All vices are made of two basic parts: the stationary body and the sliding jaw, which puts pressure on the workpiece. This pressure is transmitted by the handle (or tommy bar) through the main screw which is located by a long nut. The nut should be securely locked and dovetailed into the body so that the body and sliding jaw are always in alignment. All bearing surfaces should be accurately machined for smooth operation.
Metal Working Vices
The body, sliding jaw and nut should be cast from high quality grey iron while the handle, main screw and replaceable jaws should be of steel.
Record vices are designed for strength under pressure, which can be as much as 3 tons between the jaws, but they should never be struck with a hammer or used as a part-time anvil. When using a vice to hold a product which is likely to be struck by a hammer it is always best to use an unbreakable vice.
Users should never forget the substantial pressure applied through vice jaws and it is customary to use fibre grips for mechanics and engineers vice jaws or wooden cheeks or soft inserts in other vices in order to protect the work.
Drill Press Vices These vices are bolted to the base of a drill stand to hold material for drilling, boring, tapping and other press work.
Engineer's Vices Heavy duty ductile-iron vice designed to withstand the shocks of hammering, chipping and other tough applications. High tensile body and slide castings guaranteed against breakage.
Mechanic & Fitter's Vices Strong and rigid in design, this most popular medium duty bench vice is made in a range of sizes from 3in to 8in
Hand Vices A hand-held vice for clamping or holding small workpieces.
Vice Jaws & Fibre Grips These soft faced slip-on jaws protect delicate or plated surfaces, plus replacement jaws for Record Vices.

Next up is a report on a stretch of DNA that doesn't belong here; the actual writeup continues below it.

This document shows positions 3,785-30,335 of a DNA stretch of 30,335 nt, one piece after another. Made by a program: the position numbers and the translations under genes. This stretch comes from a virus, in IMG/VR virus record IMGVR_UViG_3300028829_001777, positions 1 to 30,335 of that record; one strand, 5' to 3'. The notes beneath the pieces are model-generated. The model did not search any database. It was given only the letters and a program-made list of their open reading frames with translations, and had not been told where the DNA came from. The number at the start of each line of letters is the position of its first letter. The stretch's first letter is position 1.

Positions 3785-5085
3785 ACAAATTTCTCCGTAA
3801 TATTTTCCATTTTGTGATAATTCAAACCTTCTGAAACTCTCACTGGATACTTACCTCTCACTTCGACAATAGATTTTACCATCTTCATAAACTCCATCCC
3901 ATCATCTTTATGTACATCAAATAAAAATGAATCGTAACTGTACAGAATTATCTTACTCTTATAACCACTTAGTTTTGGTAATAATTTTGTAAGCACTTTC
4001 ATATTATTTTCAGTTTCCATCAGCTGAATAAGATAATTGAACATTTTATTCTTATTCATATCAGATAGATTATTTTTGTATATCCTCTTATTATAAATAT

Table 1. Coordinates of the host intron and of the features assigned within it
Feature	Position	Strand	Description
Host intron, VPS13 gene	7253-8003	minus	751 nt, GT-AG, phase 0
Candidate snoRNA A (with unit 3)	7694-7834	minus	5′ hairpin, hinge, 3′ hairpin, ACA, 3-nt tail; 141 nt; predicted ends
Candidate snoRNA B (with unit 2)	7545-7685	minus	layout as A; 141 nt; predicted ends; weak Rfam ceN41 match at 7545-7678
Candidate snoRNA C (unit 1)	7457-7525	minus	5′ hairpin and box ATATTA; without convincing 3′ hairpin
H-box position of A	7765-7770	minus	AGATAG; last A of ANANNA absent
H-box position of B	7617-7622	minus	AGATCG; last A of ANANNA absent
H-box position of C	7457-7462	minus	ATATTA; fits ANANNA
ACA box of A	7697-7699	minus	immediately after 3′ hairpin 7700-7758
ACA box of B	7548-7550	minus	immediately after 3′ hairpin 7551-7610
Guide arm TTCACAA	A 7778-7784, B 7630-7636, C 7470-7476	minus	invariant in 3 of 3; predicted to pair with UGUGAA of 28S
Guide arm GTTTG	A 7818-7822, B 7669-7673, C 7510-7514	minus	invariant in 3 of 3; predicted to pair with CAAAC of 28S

Swivel Bases for Vices These bases allow the vice to be rotated through 360° and locked in the desired position.
Table Vices A small portable vice which can be quickly clamped to any convenient working surface.
Woodworkers vices are mounted under the bench top; the back jaw being fitted flush with the work top. As with a metalwork vice, these can be supplied with either a plain screw or quick release mechanism. The main threads are often more coarse than on an engineers vice as lower pressures tend to be exerted on the workpiece. Woodworking vices are provided with countersunk holes in the front and back jaws to facilitate the fitting of jaw plates or 'cheeks' to protect the work and prevent damage to sharp tools. Cheeks are user made and fitted.
Options include :
Quick Release : A trigger mechanism which unlocks the main screw allowing the sliding jaw to be quickly opened and closed without winding the handle.
Plain Screw : A vice which is not fitted with a quick release.
Front Dog : The front dog is a block of metal or wood in the front jaw of a vice which can be raised above the level of the bench top as a form of bench stop.
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